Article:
San Pedro de Atacama is an oasis visible far ahead as we drive the rail-straight road out of Calama. The road shimmers and is unendingly flat, in the moonscape desert all around you; San Pedro is the only green patch. It's called the Valley of the Moon.
The Andean Cordillera
San Pedro is located at the foothills of the Andean cordillera, which reaches an altitude of 6,100 meters in this area. The majestic and mystic volcano Licancabur (5,916 meters above sea level) is in front of the village, only 40 kilometers away. Licancabar, or ‘village hill’, was venerated by the Incas, who carried out ceremonies and left offerings at the top.
San Pedro’s streets are just wide enough for vehicles to pass. Most of the shops and restaurants are located here on Caracoles Street. Peeking in the windows and open doors of the low-slung buildings, you see guides sitting with customers discussing excursions, and people dining next to fireplaces and firepits.
It has been written in guide books that San Pedro de Atacama grows on people, that some travelers arrive here and never leave--the proverbial Shangri La. It is also true that tourism is the lifeblood of the economy, since the only other source of jobs is two hours south at Calama, where the world’s largest open-pit copper mine sprawls in a four- kilometer spiral out of a former mountainside that is visible from space. Tours leave every day at 9:30 am.
Guiding tours or tending to tourists and agriculture are the main industries in San Pedro. Hiring one of the fifty available guide services is essential for experiencing the natural other-worldly attractions here. We chose Desert Adventure, a solid and reliable organization with a fleet of minibuses and vans capable of driving the terrible washboard rutted roads. We appreciated the expertise of our guide Danilo Vidal, who was passionate about the place and provided an up-close look at its many wonders.
On our way to San Pedro, Danilo pointed out the connicle shape of the Lascar volcano, which last erupted as recently as this year. The smoke from the volcano formed the only clouds we saw in this area's remarkedly blue sky.
The lonely little town of Toconao with its 530 residents can be found en route to the mountain lagoons. Here you can visit the back courtyard of a little store and find alpaca and llama scarves and sweaters, and feed weeds to the animals who gave the wool.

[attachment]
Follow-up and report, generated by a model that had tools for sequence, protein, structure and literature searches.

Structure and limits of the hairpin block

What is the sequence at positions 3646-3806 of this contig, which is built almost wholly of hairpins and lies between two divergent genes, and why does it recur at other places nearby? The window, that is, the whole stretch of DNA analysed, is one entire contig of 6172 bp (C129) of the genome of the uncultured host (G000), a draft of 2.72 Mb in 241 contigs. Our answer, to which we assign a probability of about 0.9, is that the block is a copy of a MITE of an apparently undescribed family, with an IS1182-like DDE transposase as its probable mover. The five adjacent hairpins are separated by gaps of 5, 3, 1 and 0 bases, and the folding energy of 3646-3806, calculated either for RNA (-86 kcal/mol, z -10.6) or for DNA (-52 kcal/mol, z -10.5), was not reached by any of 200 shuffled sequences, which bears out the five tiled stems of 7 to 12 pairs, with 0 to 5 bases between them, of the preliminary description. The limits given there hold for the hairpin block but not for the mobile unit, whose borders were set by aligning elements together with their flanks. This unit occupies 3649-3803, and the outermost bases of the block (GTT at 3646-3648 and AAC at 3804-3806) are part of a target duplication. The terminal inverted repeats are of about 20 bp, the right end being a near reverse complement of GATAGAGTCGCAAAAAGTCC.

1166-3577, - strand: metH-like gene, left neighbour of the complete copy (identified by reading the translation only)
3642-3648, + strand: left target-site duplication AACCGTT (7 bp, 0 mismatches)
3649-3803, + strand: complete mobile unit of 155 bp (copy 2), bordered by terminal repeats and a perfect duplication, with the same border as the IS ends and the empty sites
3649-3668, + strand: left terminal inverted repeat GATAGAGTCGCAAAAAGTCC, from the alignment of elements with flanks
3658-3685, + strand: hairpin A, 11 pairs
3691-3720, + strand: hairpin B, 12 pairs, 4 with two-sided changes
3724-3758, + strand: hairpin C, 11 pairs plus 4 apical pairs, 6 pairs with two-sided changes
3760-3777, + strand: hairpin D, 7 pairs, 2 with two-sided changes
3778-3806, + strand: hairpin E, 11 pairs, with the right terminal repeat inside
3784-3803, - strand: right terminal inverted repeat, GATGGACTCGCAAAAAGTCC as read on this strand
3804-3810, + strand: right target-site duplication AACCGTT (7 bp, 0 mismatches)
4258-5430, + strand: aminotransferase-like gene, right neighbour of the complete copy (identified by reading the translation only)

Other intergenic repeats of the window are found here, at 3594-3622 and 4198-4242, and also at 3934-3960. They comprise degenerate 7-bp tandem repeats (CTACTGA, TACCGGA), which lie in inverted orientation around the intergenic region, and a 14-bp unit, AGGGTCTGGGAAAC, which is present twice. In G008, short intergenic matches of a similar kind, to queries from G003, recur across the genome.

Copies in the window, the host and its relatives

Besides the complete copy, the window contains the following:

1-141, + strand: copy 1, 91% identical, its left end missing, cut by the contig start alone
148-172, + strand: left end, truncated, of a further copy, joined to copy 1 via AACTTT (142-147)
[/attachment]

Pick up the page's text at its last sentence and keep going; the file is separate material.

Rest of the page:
Out in the desert, we stopped by a marker, four plain white tubes against the boiling sky. “This is the tropic of Capricorn,” Danilo said. He pointed to a path going far out into the desert. “This is the Inca Trail.” This track was once traveled by the Inca, who developed a sophisticated society complete with irrigation systems and a complex language, and perished en masse when the Spaniards came in the 1500s. Many artifacts documenting this period's clash of cultures of this period can be found in the town’s museum.
All around were volcanoes, mostly dormant, with ribbons of snow coming down from their
peaks. The altitude was about 13,500
feet. Our heads were light as we donned copious amounts of sunscreen and proper headgear, (required, and a floppy hat with a wide brim is a good idea). Our hearts quickened and a sense of lightness came to us on the altiplano this high up.
In these harsh conditions, only the hardiest prickly little plants survive, but animals abound: partidges, larger than in the U.S., skittered out of the way as we approached, pink flamingoes rival those seen in Boca Raton yards, and vicuna, which resemble a cross between a deer and a llama. These docile creatures are prized for their fur, taken from the beasts with a comb and made into the finest sweaters, even finer than alpaca or cashmere.
We asked many of the people we met in Chile about what life was like under the Pinochet rule. Mainly, the answer was that there was no freedom, and people kept their heads down to avoid trouble.
That this first-ever woman candidate was able to forget, and not hold a grudge was the important thing, and that is why she is expected to make history in December when Chile goes to the polls.
Another young woman we met told us how she hated communists. We asked her about the torture and missing people from that time. “Oh there were some excesses," she answered blandly, but it wasn’t that bad. Danielo and others would strongly disagree.
Dinner by the Fire Pit
Dinner was inside one of these holes in the adobe. We entered an open -air courtyard with a straw roof covering just the outside area. Rocks were arranged in a circle and a fire blazed. This is the style here, where most of the restaurants have fires in the center of these courtyards.
A simple salad of beet greens and croutons was also on the menu.
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